Oregon State professor Keith Scribner’s third novel, “The Oregon Experiment,” tells the story of Scanlon and Naomi Pratt, a couple who migrate from the East Coast to a small university town in Oregon. They are expecting their first child.
Scanlon, a professor of political science with radical sympathies, is almost immediately drawn into Oregon’s secessionist movement, as well as its free-spirited leader. Naomi, a professional “nose” (perfumer), has spent the past seven years mourning her lost sense of smell. Its sudden reemergence upon her arrival on the West Coast revives her world for her, but makes her consider her past – and future – in ways she never has before.
We recently had the chance to talk to Scribner about the book, secessionism in Oregon, making perfume, and what happens to a couple when they land in a totally new place.
Where did you get the idea for the story of the Oregon Experiment?
The initial inspiration for the novel came during the WTO demonstrations in 1999 in Seattle. It was about 3 months after my first son was born. At that time I got the idea for a character who is at once excited about these radical demonstrations and anti-globalists, and at the same time is very conscious of the safe and secure world he hopes to have for his new baby.
The book is set in a small college town in Oregon, and the protagonist is a college professor. How autobiographical is this book?
I too have come to Corvallis from the Northeast, like Scanlon and Naomi. I teach in the English Department. I’m a creative writer. Scanlon is a political science professor. I understand those East Coast attitudes about Oregon, and the West, and in fact anywhere that’s not the northeast, or really, anywhere that’s not New York City. And maybe the autobiography ends there. Scanlon, for example, feels very alienated in his department. It couldn’t be more the opposite for me.
What made you decide to make Scanlon’s wife a perfumer? What kind of research did you do on professional “noses” for the novel?
The research was so much fun. I read a bunch of stuff about the nose, the biology of smells. I read some memoirs about people’s relationships to their sense of smell, and also about anosmia, which is the loss of the sense of smell, which is what Naomi suffers from in the beginning.
In the novel Naomi wants to create a northwest breakthrough fragrance, the first in its own new family of fragrances. So I read a lot, and wrote most of the novel just based on that research.
And then someone introduced me to a perfumer in San Francisco named Yosh Han, and she invited me down to her studio, where she makes perfumes not from synthetic essences, but from natural essences. She gave me the entire day, and we basically made the perfume that’s in the book.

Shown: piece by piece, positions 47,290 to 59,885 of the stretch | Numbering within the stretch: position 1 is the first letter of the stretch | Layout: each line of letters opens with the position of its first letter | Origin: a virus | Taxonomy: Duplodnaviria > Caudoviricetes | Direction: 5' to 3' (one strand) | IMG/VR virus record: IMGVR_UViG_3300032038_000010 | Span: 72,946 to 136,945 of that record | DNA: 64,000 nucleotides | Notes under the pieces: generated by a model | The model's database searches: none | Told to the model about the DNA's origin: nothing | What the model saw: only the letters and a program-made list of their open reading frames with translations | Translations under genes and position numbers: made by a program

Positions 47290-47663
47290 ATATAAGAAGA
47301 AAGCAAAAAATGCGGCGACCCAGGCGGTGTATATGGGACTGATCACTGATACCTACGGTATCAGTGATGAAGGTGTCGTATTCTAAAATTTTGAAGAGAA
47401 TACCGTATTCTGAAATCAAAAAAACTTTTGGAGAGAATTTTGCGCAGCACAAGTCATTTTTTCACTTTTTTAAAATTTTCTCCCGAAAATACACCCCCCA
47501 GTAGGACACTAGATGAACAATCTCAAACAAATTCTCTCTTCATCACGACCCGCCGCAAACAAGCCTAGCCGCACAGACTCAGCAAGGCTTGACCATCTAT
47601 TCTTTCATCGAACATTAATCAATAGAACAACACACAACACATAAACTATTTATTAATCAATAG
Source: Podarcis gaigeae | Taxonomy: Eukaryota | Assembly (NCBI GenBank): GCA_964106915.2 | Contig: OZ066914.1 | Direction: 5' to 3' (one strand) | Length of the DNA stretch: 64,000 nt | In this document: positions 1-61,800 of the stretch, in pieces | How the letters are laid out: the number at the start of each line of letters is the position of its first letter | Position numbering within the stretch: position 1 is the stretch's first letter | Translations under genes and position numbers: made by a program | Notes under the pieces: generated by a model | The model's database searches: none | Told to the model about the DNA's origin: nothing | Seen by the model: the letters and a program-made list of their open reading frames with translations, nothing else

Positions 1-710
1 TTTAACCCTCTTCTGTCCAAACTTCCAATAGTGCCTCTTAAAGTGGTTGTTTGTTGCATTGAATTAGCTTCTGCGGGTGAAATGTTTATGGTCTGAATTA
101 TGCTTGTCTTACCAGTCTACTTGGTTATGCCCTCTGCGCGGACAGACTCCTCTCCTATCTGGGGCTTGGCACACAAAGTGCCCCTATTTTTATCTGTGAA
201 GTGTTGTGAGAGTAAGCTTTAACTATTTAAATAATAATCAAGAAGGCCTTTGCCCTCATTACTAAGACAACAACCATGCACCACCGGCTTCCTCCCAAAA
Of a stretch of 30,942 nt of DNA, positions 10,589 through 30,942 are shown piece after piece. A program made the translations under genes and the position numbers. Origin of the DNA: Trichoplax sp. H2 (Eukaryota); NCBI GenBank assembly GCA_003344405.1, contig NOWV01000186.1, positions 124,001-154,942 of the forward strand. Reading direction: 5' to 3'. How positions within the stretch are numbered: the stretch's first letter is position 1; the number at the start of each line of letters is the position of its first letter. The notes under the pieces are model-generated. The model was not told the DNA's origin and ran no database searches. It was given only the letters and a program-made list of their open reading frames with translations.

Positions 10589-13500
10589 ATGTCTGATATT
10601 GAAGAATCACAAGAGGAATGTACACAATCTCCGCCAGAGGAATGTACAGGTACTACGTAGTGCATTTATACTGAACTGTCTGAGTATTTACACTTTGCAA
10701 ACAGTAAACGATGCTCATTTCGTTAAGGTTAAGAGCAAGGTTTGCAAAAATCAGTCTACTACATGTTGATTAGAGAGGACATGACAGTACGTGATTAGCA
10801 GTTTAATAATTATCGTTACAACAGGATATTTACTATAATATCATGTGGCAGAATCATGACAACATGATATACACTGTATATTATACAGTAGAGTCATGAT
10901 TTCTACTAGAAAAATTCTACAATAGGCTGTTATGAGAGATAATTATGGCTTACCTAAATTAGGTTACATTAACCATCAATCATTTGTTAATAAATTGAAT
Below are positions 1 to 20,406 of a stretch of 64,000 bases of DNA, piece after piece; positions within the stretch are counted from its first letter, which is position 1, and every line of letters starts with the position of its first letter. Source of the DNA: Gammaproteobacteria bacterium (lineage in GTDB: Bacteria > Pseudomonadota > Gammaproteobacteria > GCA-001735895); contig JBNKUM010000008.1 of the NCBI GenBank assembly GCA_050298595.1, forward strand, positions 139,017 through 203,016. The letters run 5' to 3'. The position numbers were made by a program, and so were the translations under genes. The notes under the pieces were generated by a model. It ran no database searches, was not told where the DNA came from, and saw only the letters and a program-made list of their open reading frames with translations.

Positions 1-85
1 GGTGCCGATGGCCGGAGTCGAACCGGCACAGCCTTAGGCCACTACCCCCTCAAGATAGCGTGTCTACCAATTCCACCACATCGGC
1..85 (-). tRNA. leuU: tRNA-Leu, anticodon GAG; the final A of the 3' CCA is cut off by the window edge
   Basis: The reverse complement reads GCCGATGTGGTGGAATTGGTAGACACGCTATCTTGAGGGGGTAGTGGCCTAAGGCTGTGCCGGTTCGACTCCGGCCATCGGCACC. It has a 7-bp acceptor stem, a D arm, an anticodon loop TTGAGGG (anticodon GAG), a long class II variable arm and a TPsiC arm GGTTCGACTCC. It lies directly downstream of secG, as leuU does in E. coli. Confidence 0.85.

And the first part of your question, why Naomi is a perfumer – One of the reasons I think it works so well is that the book is in part about how memories can haunt us, and how Scanlon and Naomi have run from the East Coast to the West, and in many ways have run from their pasts. I’d almost go as far as to say most literature is concerned with how our pasts define us.
So the nose, which as you know is the most direct connection we have to our pasts, is the perfect thing for Naomi to be so consumed with, because there are olfactory memories and olfactory associations that are her demons.
You set the backdrop of the book against the Pacific Northwest secessionist movement. What made you interested in secessionist movements, and why do you think this is uniquely Oregon?
The book started with those WTO demonstrations that weren’t about secessionism, but about people who generally thought corporations were getting too big and too strong, and that we’re losing our sense of the local.
I was interested in that from the start. Scanlon is a political science professor who’s interested in radical action and mass movements. And I wanted to think about something that the federal government really wouldn’t tolerate. I think secession is that line. There’s no way that this group will ever succeed. There’s no way that Oregon will ever secede from the U.S. If Scanlon was going to get involved in radical action, I wanted it to be one where he hit a wall.
There’s a great history of secessionism in Oregon. There’s a lot of secessionist groups throughout Oregon history. One of the biggest and longest running is the State of Jefferson in southern Oregon and northern California. They actually seceded in 1941. They seceded just before Pearl Harbor was bombed. And in the name of national unity and patriotism they gave up their secession. But at least in spirit they’re still alive.